Nearly seven years after former Chicago Bears safety Dave Duerson took his own life, a bill bearing his name will aim to prevent the disease that is believed to have led to his suicide by banning tackle football for children under the age of 12.
On Thursday, state Rep. Carol Sente, D-Vernon Hills, introduced the Dave Duerson Act, which would prevent organized youth sports programs in Illinois from offering tackle football to kids under age 12. The bill comes amid mounting evidence that repeated hits to the head starting before that age greatly increase one’s odds of being diagnosed with the brain disease known as chronic traumatic encephalopathy, or CTE.
“This bill is a natural progression of the data and science,” Sente said at a press conference Thursday. “We can protect our children’s brains and we can protect football.”
Duerson, an Indiana native who played for the Bears from 1983 to 1989, committed suicide in February 2011 at the age of 50. Just before his death, he reportedly sent a text to family members asking that his brain be donated for research at Boston University, which has led the charge on CTE studies.
Months later, neurologists there determined he did indeed suffer from the progressive, degenerative brain disease at the time of his death. CTE currently can only be diagnosed by examining the brain of a deceased individual, and no treatments have been identified.
“When my father tragically took his own life, he donated his brain to science in hopes of being part of a solution,” said Duerson’s son, Tregg. “My family followed through with the donation so that we could find answers to many questions.”
In 2016, BU School of Medicine researchers examined the brains of 94 deceased football players and found 90 had been suffering from CTE.
Just last year, the university’s CTE Center released a study showing that children playing tackle football before the age of 12 are twice as likely to develop brain problems in their lifetime.
The risk of CTE is best correlated to the number of years someone plays tackle football, according to Chris Nowinski, CEO of the Concussion Legacy Foundation, who compared the correlation to that of smoking and lung cancer.
“There’s a magical period of brain development happening in your child between the ages of 8 and 12,” he said, “and it’s a terrible time to be hitting them in the head over and over again.”
The Duerson Act won’t ban football entirely – flag and other non-tackle forms of football would still be allowed for children of all ages – and would allow children and teens to play tackle football in middle and high school.
Similar legislation was reintroduced just this week in New York State by assemblyman Michael Benedetto, who has sought for years to ban youth tackle football.
Only four cases of CTE had been identified in NFL players prior to 2008, Nowinski said. But since then, that number has exceeded 200 – and that doesn’t include any of the college or high school athletes suffering from the disease who never made it to the NFL.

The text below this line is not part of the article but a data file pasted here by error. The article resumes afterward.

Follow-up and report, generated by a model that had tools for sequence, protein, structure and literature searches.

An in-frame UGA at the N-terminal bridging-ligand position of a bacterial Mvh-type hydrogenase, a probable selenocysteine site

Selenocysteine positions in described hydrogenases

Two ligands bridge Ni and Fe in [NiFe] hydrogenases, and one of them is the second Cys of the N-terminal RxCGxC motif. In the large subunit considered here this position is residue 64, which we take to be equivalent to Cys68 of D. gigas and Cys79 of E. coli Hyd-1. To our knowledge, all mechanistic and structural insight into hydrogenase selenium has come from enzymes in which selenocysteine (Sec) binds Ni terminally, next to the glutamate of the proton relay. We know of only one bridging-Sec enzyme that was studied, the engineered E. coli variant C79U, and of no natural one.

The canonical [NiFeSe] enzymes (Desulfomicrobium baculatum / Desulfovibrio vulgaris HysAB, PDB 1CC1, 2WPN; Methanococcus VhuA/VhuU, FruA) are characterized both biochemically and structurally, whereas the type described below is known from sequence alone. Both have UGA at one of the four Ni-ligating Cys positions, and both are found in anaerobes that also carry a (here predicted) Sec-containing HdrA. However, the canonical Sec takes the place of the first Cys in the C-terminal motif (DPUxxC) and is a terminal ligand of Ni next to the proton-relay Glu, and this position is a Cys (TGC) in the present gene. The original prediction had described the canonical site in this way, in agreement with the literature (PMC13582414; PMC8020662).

Former Bears player and sports broadcaster Mike Adamle was diagnosed with dementia last February and his doctors believe he may also be suffering from CTE. The 68-year-old told NBC-5 last year he has experienced depression, anxiety, memory loss and bouts of rage – all of which are symptoms of CTE.
“It’s going to eventually kill me,” he said Thursday. “I don’t know when, but I found out there’s some things you can do to abate the decline that happens in all of us. And so that’s what I’m trying to do and if it takes having my brain found out someplace in Boston, I’m all for that.”
CTE research has also changed the way people look at football.
The NFL agreed to a $756 million settlement in 2013 with more than 4,500 former players who had sued, claiming the league concealed the danger of concussive head injuries. Helmet makers are now designing new products to try and prevent concussions, and more and more parents are thinking twice before letting their children even play the sport.
Otis Wilson, the former Bears linebacker who played with Duerson in the mid-‘80s, stood alongside Sente and Tregg Duerson on Thursday. He said CTE has for years been a regular topic of conversation among retired players.
Wilson said he hasn’t experienced any of the symptoms related to the disease, but announced he does plan to donate his brain after his death.
“I’ve thought about it, and I don’t need it where I’m going, so might as well be able to help the process,” he said. “There are a lot of individuals that have this issue and the more research that’s being done, hopefully we can have something to combat it.”
Nov. 2: Football may be America’s favorite sport, but with the rising fear of brain injury and CTE, it’s taken a bruising. We visit a Chicago-area helmet maker to see how it’s tackling the issue.
Nov. 1: Otis Wilson was a key member of the Chicago Bears 1985 Super Bowl team. He joins us to discuss his new book “If These Walls Could Talk: Stories from the Chicago Bears Sideline, Locker Room, and Press Box.”
Oct. 26: Youth football seems to be taking a hit. We speak with a Daily Herald investigative reporter about steep declines in high school football participation.